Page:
Context: I'm attempting to construct a series of coordinates to use in geo-targeting. I have group A, which is a series of coordinates that I want to target. The minimum targeting radius allowed by my system is 1KM, but I want to actually restrict the targeting to 350 meters. There will be a few thousand coordinates in group A.

My solution: To solve this, my solution was to create a grid/polygon (Group B) around each coordinate in group A which will be an exclusion zone. In this way, I can artificially restrict Group A to a 350 meter area, by creating a polygon of excluded areas (with any radius from the center lat/lon).

Problem: That is easy enough in a scenario where I have only one coordinate in Group A. If I have hundreds, or thousands, I don't want to create an exclusion coordinate in Group B that overlaps with an inclusion area from Group A, as it will unintentionally cut down the 350 meters to an even smaller number, or remove it altogether.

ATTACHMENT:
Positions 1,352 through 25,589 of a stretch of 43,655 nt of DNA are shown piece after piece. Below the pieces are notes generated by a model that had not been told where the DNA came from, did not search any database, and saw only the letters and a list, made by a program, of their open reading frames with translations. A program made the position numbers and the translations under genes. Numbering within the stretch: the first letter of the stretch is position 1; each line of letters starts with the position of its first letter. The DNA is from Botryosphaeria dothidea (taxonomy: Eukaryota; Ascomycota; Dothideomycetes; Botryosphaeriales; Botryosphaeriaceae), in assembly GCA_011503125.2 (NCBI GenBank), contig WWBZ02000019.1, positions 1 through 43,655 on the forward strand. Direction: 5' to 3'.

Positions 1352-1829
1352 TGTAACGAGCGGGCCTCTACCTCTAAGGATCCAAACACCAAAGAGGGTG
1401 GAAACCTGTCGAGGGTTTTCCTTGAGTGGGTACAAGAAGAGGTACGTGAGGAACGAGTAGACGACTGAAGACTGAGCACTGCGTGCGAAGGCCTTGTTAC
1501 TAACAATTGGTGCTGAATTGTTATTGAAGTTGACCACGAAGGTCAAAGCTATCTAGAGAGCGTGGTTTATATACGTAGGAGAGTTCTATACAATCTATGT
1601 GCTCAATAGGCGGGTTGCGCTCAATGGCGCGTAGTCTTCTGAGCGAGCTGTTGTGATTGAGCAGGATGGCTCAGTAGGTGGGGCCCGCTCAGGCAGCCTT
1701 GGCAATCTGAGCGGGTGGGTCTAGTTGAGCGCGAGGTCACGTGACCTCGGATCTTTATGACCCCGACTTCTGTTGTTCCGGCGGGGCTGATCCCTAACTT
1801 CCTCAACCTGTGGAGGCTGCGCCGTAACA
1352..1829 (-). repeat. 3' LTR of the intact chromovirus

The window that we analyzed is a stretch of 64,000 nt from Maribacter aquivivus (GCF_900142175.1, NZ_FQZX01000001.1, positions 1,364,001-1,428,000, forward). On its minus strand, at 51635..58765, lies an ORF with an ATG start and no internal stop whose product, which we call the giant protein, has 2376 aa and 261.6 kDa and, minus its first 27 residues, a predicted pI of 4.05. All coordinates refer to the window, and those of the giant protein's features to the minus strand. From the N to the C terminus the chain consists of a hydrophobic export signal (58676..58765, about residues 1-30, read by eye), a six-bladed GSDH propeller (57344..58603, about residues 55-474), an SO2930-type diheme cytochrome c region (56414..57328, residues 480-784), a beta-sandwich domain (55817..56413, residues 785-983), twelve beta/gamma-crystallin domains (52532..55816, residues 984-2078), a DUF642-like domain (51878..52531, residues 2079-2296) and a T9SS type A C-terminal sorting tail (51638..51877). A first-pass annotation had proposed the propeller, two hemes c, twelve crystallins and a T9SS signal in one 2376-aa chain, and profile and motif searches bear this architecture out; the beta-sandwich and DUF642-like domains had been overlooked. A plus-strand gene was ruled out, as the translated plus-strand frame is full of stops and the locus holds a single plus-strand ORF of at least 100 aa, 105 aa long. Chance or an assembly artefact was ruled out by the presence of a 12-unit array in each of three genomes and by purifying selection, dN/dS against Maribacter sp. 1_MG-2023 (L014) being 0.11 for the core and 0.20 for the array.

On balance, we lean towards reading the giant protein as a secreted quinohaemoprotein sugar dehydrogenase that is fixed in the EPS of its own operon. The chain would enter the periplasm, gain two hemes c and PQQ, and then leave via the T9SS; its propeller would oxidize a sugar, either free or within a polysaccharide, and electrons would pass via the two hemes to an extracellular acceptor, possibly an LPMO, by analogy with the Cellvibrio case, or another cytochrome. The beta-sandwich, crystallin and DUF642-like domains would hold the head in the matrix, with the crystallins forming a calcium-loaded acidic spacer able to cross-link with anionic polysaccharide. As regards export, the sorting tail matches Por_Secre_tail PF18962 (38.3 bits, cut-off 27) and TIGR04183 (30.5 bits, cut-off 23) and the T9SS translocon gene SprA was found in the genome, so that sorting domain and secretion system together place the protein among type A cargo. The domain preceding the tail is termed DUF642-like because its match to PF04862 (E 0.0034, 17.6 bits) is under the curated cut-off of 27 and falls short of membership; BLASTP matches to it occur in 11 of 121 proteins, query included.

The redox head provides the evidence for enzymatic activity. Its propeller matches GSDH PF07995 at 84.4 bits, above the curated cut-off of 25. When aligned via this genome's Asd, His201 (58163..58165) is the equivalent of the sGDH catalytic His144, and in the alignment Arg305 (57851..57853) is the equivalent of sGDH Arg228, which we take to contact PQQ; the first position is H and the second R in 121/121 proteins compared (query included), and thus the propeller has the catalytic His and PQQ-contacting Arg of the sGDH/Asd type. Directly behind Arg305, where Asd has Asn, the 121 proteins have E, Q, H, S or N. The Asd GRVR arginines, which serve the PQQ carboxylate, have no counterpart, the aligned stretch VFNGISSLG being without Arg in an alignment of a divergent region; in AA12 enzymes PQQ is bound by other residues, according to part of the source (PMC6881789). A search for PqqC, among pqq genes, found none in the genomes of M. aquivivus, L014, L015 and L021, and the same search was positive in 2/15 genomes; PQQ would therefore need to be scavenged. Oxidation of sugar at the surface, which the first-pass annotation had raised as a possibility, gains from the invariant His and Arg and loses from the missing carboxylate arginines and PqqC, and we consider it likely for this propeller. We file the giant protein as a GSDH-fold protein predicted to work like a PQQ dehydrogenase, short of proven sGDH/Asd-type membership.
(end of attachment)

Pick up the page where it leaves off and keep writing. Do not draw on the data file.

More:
How can I determine mathematically the series of Group B coordinates to use, such that I maximize the chances that the greatest possible number of coordinates from Group A will have a 350 meter radius?

Caveat: My math background doesn't go beyond rudimentary calculus, and I'll be programming the solution in JavaScript or Python

I'm very much out of my element with this type of math. My solution so far has been to create a series of 4 coordinates that are each 1.35KM from the central point, with the central point also have a 1KM radius. My thought is that the resulting area of the central point would be 350 meters. I'm using the code below to calculate that

 var pi = Math.PI;
 var meters = (1 / ((2 * pi / 360) * earth)) / 1000;
 var cos = Math.cos;

 var testLat = 40.704112;
 var testLon = -74.012133;

 var newLat = testLat + (meters*1350);
 var newLon = testLon + (meters*1350)/cos(testLat*(pi/180));```

The expected result would be, for a series of input coordinates (Group A), an output group of coordinates (Group B) that maximizes the number of Group A coordinates with a 350M remaining radius

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